By STEVE BINDER
URBANA, Ill. — Like most seasons, weather conditions at key times this year played a significant role in what growers ultimately plant and harvest. While the two previous growing seasons were among the worst – flood conditions plaguing much of the Midwest in 2011, and one of the worst droughts hit last year – this season poses some difficult problems, too.
Wetter-than-normal conditions, along with colder-than-normal temperatures, forced many growers in Illinois into late planting for corn, and some into switching altogether to soybeans.
Overall, the expected total for Illinois corn will be about 12.25 million acres this year, compared to 12.8 million last year, a reflection both of this year’s wet spring and last year’s ideal early weather conditions. Those numbers come courtesy of the USDA’s semi-annual crop report at the end of June; an updated report is due at the end of this month, and should include more actual acreage numbers.
Approximately 12.2 million acres of corn were harvested last season, while the USDA report projects 11.9 million acres of harvestable corn this year. Yields, however, are projected to be up compared to last year because going into mid-July, weather conditions have been ideal for corn growth.
Wet pockets in some parts of Illinois during the last two weeks of June worried some, but it appears most of the crop so far has come out looking healthy.
“While getting rainfall in June is certainly preferable to getting little or none as happened in Illinois in 2012, standing water and wet soils can badly damage a rapidly growing corn crop,” said Emerson Nafziger, a crop sciences professor at the University of Illinois.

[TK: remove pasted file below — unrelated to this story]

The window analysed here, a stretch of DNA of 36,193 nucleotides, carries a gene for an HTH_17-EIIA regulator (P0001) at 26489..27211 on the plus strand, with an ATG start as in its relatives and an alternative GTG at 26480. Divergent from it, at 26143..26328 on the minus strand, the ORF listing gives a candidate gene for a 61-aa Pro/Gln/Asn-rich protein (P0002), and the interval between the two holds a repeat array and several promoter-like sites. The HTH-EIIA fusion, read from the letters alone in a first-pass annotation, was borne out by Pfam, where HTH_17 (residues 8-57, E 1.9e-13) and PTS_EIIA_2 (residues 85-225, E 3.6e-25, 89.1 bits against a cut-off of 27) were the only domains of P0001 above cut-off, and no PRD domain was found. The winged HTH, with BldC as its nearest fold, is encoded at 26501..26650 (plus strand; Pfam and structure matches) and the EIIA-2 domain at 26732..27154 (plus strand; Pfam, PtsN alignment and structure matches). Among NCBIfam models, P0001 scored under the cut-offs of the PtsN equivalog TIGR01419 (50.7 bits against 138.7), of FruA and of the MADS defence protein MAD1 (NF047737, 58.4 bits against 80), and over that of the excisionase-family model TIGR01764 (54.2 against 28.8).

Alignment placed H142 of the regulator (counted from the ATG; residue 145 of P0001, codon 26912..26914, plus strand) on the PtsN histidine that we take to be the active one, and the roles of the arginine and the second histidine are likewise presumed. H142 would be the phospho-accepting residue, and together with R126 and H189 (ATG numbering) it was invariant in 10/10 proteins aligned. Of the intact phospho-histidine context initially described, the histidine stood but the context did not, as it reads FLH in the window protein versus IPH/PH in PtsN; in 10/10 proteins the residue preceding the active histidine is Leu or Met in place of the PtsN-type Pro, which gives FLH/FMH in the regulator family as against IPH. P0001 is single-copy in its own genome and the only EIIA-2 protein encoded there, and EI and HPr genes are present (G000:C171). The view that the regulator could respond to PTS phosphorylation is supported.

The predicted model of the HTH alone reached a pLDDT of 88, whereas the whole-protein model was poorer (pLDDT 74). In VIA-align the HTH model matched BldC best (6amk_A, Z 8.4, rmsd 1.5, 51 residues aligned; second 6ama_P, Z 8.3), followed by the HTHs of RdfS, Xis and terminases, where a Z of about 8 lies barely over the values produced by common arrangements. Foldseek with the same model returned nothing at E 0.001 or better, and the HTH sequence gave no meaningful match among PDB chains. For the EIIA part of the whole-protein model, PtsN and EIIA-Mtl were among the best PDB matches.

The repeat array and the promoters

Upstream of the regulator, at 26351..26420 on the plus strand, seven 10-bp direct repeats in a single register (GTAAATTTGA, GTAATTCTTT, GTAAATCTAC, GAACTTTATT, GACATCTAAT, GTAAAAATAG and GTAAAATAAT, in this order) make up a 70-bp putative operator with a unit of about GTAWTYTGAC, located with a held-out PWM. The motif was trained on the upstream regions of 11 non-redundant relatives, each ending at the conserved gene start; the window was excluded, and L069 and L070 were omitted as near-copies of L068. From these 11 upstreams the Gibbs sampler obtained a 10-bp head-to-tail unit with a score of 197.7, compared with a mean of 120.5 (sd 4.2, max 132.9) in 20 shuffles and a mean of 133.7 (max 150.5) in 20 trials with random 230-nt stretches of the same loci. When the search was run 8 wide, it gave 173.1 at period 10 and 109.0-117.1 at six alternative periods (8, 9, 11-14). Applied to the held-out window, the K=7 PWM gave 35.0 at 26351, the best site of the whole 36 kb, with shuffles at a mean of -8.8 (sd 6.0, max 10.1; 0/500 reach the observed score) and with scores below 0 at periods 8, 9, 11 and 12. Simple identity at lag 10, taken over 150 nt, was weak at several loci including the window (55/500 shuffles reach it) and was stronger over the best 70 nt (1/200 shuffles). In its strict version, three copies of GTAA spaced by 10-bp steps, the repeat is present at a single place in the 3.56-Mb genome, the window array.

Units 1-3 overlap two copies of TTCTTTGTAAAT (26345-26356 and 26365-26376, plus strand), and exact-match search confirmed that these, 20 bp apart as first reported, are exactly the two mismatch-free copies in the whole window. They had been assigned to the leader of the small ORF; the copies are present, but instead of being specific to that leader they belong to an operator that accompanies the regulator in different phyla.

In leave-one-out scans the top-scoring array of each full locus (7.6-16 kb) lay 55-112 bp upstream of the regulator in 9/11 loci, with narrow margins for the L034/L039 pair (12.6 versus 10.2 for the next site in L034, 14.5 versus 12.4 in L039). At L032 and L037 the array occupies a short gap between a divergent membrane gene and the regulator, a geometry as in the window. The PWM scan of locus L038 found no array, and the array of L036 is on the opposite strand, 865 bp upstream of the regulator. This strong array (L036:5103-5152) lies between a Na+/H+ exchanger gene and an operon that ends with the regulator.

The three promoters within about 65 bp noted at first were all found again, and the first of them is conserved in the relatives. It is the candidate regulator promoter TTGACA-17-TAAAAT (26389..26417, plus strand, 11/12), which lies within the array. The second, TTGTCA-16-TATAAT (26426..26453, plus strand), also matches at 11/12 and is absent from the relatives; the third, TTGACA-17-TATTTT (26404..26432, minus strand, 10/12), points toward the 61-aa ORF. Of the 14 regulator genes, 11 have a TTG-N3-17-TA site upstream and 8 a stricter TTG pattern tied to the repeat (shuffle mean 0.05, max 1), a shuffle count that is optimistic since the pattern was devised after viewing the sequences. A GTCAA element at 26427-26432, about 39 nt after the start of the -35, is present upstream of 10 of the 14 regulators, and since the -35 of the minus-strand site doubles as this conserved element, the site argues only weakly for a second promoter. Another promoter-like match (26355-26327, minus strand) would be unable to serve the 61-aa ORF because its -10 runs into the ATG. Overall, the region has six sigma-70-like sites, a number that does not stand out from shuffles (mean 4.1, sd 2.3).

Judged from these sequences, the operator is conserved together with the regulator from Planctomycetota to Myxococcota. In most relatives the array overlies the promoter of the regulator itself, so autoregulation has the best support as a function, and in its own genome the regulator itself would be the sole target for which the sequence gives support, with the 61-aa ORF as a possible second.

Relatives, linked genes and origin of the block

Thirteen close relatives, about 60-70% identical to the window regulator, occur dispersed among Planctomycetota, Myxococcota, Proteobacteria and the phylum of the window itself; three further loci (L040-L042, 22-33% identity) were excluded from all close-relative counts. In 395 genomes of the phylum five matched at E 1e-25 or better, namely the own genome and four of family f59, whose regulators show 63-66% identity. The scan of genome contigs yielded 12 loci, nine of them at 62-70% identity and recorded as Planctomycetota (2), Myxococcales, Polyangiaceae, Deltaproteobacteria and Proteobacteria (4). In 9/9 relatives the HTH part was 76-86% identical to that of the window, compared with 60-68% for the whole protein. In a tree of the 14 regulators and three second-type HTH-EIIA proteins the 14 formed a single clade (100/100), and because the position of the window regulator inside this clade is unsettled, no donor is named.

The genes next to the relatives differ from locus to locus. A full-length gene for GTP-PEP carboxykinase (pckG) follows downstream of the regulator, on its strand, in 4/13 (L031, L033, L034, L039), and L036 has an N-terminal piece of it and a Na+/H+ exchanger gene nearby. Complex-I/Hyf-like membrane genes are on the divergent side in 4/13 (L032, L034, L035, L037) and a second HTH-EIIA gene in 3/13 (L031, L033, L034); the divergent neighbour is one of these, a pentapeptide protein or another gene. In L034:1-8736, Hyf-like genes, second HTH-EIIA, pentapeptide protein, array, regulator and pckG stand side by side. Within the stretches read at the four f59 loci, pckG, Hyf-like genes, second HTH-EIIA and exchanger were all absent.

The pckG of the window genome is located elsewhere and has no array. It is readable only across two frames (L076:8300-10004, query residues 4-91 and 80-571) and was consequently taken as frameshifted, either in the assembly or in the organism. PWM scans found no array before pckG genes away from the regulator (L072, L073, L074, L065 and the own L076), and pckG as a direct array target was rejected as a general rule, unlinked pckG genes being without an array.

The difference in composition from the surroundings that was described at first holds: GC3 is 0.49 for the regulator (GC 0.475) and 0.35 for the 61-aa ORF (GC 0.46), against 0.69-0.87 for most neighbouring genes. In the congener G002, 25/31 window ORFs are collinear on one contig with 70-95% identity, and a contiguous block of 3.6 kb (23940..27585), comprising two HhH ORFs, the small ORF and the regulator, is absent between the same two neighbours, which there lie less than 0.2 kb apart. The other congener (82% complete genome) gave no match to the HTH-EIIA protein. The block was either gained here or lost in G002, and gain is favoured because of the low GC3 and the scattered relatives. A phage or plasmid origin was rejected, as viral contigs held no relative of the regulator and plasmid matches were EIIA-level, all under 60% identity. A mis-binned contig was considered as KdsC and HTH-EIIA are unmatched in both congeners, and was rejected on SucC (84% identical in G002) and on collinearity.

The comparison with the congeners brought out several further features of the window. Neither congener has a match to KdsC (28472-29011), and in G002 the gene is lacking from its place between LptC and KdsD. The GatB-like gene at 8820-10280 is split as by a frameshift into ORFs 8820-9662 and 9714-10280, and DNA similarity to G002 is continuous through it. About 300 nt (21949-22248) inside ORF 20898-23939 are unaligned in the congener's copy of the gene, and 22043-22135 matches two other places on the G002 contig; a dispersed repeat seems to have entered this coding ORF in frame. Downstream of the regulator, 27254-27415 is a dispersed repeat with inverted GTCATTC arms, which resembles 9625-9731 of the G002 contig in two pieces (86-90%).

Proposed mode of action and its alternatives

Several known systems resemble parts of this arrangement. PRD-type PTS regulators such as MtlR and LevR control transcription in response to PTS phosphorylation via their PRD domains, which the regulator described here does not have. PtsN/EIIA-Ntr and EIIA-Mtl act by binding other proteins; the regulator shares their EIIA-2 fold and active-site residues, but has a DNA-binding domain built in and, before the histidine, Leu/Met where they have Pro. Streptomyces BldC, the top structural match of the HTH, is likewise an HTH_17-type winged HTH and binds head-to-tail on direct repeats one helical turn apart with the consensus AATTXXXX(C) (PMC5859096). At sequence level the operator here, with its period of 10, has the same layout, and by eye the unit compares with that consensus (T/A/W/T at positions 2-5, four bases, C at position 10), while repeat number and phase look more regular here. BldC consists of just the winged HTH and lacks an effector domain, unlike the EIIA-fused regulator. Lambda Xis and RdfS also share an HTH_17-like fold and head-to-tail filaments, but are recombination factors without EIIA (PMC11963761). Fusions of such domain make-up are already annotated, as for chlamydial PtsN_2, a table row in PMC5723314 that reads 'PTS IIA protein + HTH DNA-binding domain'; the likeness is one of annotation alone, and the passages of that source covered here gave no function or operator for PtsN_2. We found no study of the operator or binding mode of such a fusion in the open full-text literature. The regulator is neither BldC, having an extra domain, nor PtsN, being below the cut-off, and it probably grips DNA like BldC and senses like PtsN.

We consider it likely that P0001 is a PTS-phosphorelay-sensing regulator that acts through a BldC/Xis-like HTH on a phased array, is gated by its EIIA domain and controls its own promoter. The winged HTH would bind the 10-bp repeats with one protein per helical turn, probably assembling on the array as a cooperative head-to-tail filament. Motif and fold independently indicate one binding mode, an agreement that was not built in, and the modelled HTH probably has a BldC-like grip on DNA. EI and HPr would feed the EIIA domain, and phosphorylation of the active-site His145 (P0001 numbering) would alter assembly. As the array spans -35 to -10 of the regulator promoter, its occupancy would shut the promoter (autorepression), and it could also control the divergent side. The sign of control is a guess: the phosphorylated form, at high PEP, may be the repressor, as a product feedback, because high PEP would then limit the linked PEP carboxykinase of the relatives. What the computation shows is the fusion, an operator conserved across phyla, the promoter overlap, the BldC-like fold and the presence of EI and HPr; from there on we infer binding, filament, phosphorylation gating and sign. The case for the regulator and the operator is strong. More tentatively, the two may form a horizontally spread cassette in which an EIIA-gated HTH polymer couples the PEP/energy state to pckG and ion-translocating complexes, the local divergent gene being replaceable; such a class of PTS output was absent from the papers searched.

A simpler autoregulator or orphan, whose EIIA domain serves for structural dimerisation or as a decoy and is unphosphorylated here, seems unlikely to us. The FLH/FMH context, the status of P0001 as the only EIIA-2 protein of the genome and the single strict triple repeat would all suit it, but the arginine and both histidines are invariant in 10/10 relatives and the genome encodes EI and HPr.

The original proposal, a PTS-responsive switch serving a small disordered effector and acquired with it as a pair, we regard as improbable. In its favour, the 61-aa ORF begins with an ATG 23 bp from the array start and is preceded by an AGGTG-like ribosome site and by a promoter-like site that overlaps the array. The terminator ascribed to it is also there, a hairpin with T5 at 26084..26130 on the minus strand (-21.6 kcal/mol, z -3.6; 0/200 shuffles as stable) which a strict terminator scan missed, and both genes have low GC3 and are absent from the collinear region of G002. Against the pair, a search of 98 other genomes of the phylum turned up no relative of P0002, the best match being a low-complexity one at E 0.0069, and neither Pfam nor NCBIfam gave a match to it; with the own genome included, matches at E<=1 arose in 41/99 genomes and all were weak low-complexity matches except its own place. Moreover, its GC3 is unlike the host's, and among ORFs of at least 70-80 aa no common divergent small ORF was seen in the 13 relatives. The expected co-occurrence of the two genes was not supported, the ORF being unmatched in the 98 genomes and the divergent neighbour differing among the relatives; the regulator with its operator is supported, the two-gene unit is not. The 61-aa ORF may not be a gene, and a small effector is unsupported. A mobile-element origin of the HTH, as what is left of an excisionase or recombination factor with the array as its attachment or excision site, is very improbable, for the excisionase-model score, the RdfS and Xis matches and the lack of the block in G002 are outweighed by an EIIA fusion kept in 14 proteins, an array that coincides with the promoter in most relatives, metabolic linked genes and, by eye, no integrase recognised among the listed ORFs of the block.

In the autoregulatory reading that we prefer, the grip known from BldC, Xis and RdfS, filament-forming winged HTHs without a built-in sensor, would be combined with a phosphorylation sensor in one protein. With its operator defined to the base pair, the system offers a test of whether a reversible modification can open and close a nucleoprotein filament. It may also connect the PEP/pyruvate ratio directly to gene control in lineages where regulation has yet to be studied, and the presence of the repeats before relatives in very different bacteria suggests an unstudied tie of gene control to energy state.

“We saw this in parts of Illinois when heavy rain fell in late June of 2010. This year’s crop was planted later and is not nearly as far along as was the crop that year.”
Even with rainfall totals of 3-6 inches during the past week of June in some parts of the state, good color in the leaves meant early nutrient uptake was good, and the corn crop recovered well after being in wet ground at an early stage. Nafziger said. “We expect the root system to recover nicely.”
He explained there is not much evidence hat reduced photosynthetic rates have much effect on yields, at least if it occurs more than 1-2 weeks before tasseling.
“In years when June is wet, a common question is whether or not the crop might run out of nitrogen, leaving the crop short,” he said. “Some producers have already applied more than normal amounts, thinking that some had been lost under wet conditions in April and May.”
Soybean acres planted in Illinois are expected to total about 9.4 million this year, compared to 9.05 million last year. Harvested acres of beans are projected to be 9.35 million this year, compared to 8.92 million last year.
Since 2010, the Illinois soybean total has increased steadily each year after growers plant new beans following another crop, usually wheat; 7 percent of the state’s soybean take will come from beans planted and grown on just-harvested ground.
According to the USDA report, overall, Illinois growers are expected to plant about 23.11 million acres of all crops this year, compared to the previous two years’ actual totals of 23.19 million and 22.95 million, respectively.
Meanwhile, on the market side, prices for corn and soybeans likely will be under pressure because the USDA’s report anticipated a larger supply of both crops this year. “The period for determining yields is just beginning, with July and August weather critical for both crops,” said Darrel Good, an ag economist with the U of I.
“Based on current crop condition ratings and near-term weather forecasts, prospects for yields likely exceed current market expectations, particularly for corn. If weekly condition ratings remain high, new-crop prices are expected to remain under pressure.”